"There were many meetings when the Apple representative would pick up your [iPhone] and say: 'That's what we're building.' What that means is — if you look at the phone, there's the sheen on the phone, there's the bevel on the phone, there's how much shine they have ... every piece of that phone is engineered, and the building is the same way." [...]
The project is so extensive — and Apple is so demanding — that Apple Campus 2 has effectively "raised the bar for construction standards" — businessinsider.com
For more news on Apple's under-construction second campus in Cupertino:Apple under fire for not hiring construction workers with past felonies for their new campusDrone footage shows the latest construction status of the Foster-designed Apple campusApple CEO Tim Cook says new spaceship campus will...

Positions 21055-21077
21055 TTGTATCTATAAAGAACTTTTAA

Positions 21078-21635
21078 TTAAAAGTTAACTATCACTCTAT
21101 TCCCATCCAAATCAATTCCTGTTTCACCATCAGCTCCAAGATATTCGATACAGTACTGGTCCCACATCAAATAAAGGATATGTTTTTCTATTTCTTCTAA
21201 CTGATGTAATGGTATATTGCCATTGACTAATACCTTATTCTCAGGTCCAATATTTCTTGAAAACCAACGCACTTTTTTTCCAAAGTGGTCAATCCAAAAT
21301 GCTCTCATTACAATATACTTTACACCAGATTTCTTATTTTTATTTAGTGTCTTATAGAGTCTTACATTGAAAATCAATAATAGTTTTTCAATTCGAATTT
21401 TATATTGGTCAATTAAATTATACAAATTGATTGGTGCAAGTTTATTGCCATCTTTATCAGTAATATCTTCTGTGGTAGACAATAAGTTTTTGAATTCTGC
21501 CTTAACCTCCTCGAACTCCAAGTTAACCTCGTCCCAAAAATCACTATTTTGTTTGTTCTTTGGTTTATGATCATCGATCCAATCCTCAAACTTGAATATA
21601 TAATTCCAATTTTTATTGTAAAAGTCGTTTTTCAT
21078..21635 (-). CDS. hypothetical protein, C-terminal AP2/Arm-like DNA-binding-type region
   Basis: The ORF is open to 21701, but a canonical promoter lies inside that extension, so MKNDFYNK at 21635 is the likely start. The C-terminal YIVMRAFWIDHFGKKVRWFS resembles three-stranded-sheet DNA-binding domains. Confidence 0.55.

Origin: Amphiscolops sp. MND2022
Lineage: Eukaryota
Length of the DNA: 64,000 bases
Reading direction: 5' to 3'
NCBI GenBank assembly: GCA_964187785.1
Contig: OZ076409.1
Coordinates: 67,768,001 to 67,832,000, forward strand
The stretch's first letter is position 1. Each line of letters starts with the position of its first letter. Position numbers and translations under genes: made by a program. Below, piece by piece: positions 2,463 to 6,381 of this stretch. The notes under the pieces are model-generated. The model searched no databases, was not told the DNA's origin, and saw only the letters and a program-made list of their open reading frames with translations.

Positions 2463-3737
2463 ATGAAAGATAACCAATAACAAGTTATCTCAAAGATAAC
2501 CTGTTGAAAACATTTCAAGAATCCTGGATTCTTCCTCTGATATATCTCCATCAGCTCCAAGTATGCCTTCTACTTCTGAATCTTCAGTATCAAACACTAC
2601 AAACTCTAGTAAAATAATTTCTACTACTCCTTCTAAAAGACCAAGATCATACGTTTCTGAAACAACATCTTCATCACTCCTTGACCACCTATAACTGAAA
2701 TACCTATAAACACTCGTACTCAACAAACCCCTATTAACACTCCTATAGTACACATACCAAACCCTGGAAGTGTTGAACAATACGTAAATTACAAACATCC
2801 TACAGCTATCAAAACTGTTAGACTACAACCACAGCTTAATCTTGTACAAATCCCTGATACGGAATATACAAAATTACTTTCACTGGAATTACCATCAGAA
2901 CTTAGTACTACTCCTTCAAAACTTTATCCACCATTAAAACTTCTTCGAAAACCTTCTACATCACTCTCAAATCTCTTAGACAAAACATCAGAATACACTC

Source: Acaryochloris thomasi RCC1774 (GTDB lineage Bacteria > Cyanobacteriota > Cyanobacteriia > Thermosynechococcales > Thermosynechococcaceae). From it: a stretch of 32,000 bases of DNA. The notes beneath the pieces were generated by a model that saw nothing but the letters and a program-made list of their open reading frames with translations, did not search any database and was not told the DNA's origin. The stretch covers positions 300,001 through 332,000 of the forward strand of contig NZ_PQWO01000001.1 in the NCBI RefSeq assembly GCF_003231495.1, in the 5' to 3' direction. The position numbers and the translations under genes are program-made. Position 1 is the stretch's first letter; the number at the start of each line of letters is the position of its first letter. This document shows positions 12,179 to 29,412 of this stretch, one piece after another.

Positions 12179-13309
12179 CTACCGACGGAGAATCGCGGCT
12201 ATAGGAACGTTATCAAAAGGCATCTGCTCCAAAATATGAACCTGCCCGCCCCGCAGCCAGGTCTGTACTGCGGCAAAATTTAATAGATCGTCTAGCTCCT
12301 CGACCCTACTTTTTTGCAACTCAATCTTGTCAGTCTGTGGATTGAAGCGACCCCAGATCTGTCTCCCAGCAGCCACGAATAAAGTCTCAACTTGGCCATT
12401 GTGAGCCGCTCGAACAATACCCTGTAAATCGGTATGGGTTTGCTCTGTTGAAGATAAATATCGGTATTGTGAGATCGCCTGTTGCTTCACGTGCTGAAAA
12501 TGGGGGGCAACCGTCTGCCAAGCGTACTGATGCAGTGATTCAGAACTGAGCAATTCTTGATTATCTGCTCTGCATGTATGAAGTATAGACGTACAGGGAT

RideWith is a spinoff of the Google-owned Israeli traffic app Waze, and is designed to help users meet up with a driver who has a similar commute. In the interest of time, money and potentially the environment, passengers can pay drivers who are already taking similar routes. [...]
Drivers using RideWith are only allowed to make two trips a day — intended to be the commute to and from work — and therefore wouldn’t be able to use the app for any notable revenue. — nextcity.org